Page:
Emily Carr’s 1939 forest scene, “Tossed by the Wind,” is expected to fetch between $1.2 and $1.6 million. (Photo by THE CANADIAN PRESS)

Emily Carr’s 1939 forest scene, “Tossed by the Wind,” is expected to fetch between $1.2 and $1.6 million. (Photo by THE CANADIAN PRESS)

Two major canvases by Emily Carr lead Toronto auction house’s spring sale

Heffel Fine Art Auction House will take bids at a virtual live auction on Wednesday

TORONTO — A couple of major canvases by Emily Carr are among the pieces featured at a Toronto auction house’s spring sale.

The Heffel Fine Art Auction House will take bids on the two paintings from Carr’s mature period at a virtual live auction on Wednesday.

The B.C. painter’s 1939 forest scene, “Tossed by the Wind,” is expected to fetch between $1.2 and $1.6 million.

Auctioneers say Carr’s 1937 work “Swirl,” which she gifted to contemporary Lawren Harris, will hit the auction block for the first time for a pre-sale price tag of between $1 million and $1.5 million.

Also among the highlights are four works by Canadian artist Alex Colville, including the well-known 1952 painting “Girl on Piebald Horse,” which is estimated to hammer down for between $700,000 and $900,000, and “Dog and Horse,” which has been valued at between $400,000 and $600,000.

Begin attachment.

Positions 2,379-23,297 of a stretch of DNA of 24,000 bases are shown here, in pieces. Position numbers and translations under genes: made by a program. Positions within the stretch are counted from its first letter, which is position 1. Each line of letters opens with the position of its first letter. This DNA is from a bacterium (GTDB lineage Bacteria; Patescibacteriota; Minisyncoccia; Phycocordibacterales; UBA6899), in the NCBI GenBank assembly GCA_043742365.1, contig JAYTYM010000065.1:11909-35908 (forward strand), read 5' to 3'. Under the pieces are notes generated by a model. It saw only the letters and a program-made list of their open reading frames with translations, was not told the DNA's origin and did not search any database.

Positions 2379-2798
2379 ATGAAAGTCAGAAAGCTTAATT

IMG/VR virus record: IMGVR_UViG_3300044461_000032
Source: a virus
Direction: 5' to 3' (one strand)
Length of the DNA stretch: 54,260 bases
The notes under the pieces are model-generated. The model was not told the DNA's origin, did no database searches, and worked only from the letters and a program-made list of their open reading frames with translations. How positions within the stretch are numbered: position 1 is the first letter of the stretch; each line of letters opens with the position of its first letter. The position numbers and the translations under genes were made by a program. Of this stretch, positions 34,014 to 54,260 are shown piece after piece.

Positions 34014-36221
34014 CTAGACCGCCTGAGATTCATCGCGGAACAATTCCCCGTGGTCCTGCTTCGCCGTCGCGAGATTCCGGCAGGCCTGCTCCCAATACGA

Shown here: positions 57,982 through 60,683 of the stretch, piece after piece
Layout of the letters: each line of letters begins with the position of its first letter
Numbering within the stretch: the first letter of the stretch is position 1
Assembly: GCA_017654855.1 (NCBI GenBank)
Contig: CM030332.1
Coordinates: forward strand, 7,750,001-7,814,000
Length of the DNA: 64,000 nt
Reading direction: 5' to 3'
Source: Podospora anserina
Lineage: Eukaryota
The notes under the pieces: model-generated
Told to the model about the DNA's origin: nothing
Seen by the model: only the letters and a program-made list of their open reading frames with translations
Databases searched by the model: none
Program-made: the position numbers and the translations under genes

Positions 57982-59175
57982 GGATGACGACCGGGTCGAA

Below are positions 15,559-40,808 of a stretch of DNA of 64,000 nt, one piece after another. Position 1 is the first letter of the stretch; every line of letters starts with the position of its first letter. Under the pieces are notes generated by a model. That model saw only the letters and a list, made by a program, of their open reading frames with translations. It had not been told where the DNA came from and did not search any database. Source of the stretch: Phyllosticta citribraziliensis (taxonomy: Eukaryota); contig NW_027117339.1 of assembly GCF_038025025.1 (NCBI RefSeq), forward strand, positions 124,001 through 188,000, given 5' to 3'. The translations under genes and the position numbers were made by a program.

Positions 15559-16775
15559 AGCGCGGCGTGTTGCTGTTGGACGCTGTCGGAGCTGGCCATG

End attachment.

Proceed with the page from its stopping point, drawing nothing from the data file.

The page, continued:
Heffel says it will present 92 works during the livestreamed auction, which will be broadcast from three separate salerooms in Toronto, Montreal and Vancouver.

The catalogue is expected to net a total of between $10 million and $14 million. All estimates include auction house fees on top of the hammer price.

Another big-ticket lot is French painter Fernand Léger’s “Peinture imaginaire,” which was painted over a 13-year period from 1939 to 1952, and is estimated to be worth between $1.5 million and $2 million.

Eight works by Quebec abstractionist Jean Paul Riopelle will be on offer, led by the large-scale “Sans tire,” a mixed-media triptych with a pre-sale estimate of between $400,000 and $600,000.

Also slated for sale are two canvases by B.C. landscape artist E.J. Hughes from the early 1960s, “Above Revelstoke” and “The Beach at Kalamalka,” which are valued at between $150,000 and $250,000 apiece.

Rounding out the catalogue are offerings from the Group of Seven, including Lawren Harris’s “Coldwell – North Shore, Lake Superior,” which is estimated to be worth between $100,000 and $150,000, and A.Y. Jackson’s “La Malbaie, Quebec,” with a pre-sale value of between $100,000 and $120,000.

Collectors can place their offers through telephone, absentee and online bidding.

This report by The Canadian Press was first published June 22, 2021.

Art